It has been a bad few weeks for the National Football League. The global sports leviathan, whose dominance is unquestioned, has suffered from the type of missteps usually brought on by acute arrogance.
It is arrogance rooted in a linear focus for success that can render one blind to other variables. Hardly a new phenomenon, arrogance can infiltrate all aspects of the human condition, regardless of size or mission.
This arrogance not only infects the NFL, its fans, which I would include myself, are also vulnerable. Like our contemporary politics, we see only the good in what we support while tragically blind to its shortcomings.
With nearly half of Americans who consider themselves NFL fans, including 45 percent of women, Super Bowl parties are as entrenched in the culture, if not more so, as Labor Day picnics.
But the NFL is a syndicate of 32 teams, each worth in excess of $1 billion, feeding our desires for violence, harkening back to the days of ancient Rome.
In 2014 alone, three NFL players are arrested on average each month for various crimes. It has an owner who is unwilling to change the name of its team that reasonable persons consider racist and insensitive. And it has traditionally been far more punitive on uniform infractions than hits to the head that could lead to permanent damage.
But the recent video of Ray Rice striking his then-fiancée in an Atlantic City casino elevator, leaving her unconscious, along with the callous way he attempted to remove her from the elevator, has put NFL arrogance on full display.
The NFL's arrogance has transmuted what was originally a story about Ray Rice into one that it now wholly owns. The divide between proactive and reactive in a crisis is a thin one. Once one becomes reactive, as the NFL is currently, it is a journey by which one must maneuver upstream without the assistance of a paddle.
The NFL Players Association -- the union for players in the National Football League -- recently filed an appeal of the indefinite suspension of Rice.
Armed with the images of the gruesome video, it could appear that the Players Association is brazenly defending the barbaric behavior of one of its own. But it is the only step that could be taken, given the NFL's arrogance and reactive policies.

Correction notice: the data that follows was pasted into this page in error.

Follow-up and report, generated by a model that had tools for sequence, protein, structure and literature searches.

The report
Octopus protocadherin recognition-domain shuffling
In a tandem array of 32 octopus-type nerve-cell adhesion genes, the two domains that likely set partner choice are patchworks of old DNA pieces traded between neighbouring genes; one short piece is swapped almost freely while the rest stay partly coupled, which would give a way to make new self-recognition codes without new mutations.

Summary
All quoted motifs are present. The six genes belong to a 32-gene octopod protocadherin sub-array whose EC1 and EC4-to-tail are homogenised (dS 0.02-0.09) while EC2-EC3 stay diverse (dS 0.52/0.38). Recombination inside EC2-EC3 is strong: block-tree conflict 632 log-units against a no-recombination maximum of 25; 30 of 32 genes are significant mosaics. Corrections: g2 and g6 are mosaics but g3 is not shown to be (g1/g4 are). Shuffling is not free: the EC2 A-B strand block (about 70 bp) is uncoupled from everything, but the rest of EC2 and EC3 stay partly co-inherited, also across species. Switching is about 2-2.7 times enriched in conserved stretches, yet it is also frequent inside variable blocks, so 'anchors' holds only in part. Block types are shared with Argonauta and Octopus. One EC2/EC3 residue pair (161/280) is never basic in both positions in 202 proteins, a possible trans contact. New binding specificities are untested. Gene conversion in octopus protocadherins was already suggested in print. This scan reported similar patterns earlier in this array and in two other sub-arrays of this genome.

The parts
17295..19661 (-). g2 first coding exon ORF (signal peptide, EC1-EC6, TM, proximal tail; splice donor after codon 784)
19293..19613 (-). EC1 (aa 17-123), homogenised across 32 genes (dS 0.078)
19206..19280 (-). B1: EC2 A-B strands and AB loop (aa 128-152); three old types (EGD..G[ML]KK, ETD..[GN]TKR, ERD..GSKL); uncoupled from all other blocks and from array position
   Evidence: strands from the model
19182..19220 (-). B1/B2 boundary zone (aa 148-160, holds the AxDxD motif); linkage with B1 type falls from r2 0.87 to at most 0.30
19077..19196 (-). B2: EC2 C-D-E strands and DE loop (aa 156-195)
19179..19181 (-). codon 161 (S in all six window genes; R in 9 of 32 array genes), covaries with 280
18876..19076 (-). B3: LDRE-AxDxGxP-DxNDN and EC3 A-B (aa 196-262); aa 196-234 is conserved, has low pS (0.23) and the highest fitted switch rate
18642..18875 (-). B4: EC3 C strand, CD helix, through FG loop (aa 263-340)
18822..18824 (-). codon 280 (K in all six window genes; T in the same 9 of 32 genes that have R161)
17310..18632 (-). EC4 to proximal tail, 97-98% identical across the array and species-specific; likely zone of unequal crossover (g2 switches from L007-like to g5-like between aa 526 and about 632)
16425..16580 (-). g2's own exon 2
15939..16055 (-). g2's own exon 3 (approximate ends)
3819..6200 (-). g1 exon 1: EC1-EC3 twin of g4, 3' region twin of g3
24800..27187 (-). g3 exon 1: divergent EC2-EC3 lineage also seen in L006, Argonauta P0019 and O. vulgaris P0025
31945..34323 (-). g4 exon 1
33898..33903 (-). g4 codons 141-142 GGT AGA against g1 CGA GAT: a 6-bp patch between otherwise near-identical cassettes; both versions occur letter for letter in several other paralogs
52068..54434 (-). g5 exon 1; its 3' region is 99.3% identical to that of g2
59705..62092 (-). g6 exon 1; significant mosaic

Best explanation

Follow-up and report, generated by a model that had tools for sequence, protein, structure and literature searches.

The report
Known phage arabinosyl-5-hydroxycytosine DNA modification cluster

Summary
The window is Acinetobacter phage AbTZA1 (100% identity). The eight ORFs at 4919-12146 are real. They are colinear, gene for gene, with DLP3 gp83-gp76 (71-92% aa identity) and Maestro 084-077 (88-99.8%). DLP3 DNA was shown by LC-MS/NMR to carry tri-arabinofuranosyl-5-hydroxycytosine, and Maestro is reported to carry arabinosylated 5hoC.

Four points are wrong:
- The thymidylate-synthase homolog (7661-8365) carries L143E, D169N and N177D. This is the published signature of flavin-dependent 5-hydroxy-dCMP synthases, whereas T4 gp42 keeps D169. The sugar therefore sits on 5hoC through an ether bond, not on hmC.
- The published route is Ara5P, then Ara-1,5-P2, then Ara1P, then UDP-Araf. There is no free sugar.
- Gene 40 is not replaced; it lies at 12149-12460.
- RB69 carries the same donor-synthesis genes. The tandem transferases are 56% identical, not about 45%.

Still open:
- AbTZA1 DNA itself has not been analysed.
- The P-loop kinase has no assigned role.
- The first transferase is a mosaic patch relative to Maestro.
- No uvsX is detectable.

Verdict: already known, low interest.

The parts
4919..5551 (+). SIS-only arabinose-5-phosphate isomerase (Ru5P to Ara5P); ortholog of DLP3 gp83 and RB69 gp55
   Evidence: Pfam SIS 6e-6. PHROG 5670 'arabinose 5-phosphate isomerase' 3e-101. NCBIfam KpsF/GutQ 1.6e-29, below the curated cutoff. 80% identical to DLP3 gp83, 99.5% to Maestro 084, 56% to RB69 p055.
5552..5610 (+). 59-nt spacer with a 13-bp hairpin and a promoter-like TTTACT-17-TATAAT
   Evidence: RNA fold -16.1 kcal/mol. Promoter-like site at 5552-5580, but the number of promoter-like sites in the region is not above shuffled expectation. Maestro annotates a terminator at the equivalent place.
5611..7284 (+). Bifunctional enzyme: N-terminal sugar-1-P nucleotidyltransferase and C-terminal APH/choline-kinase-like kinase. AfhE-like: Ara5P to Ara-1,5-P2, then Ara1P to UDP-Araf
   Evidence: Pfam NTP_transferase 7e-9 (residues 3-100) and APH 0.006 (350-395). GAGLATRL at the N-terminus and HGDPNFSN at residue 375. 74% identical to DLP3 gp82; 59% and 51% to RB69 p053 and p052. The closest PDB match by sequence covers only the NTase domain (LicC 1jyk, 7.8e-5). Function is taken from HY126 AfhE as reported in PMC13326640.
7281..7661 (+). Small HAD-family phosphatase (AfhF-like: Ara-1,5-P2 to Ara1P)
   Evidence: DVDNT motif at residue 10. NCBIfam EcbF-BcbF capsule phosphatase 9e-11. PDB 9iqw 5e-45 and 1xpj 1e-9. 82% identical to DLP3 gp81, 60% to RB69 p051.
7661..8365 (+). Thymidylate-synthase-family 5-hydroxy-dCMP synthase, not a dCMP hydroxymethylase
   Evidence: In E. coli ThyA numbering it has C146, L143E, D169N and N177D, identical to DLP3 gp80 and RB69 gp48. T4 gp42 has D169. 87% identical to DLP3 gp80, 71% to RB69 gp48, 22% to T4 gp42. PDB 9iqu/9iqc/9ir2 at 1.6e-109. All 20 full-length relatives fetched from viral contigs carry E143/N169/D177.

To allow Rice's indefinite suspension to stand would create a slippery slope for every player in the league.
George Atallah of the NFL Players Association stated on the defense of Rice: "Our union is defending the rights of all players by making an attempt to understand if fair due process rights under our collective bargaining agreement were infringed upon."
Rice was initially suspended for two games. The NFL had no domestic violence policy in place. After public outcry, a policy was enacted -- the first offense would result in a six-game suspension and a second offense would result in banishment from the league.
After the video showing the totality of Rice's actions was released, he was cut from the Baltimore Ravens and the NFL suspended him indefinitely. Isn't this double jeopardy?
In order to make up for the ridiculous two-game suspension, Rice's first offense was given an additional penalty equivalent to a second infraction.
Moreover, it is hard to argue, as the NFL maintains, the revelation of the second video became a game-changer when the facts of Rice's action were known publicly before the initial two-game suspension was levied.
The NFL has no one to blame for this conundrum but themselves. Even if the indefinite suspension were lifted, it is doubtful that a team would touch Rice anytime soon.
If Rice's indefinite suspension were lifted, as it should, the anticipated outcry should be directed toward the NFL. It is their brazen arrogance, blinding them to all things beyond their desires temporarily making Rice a standard-bearer against NFL injustice.
The irony abounds.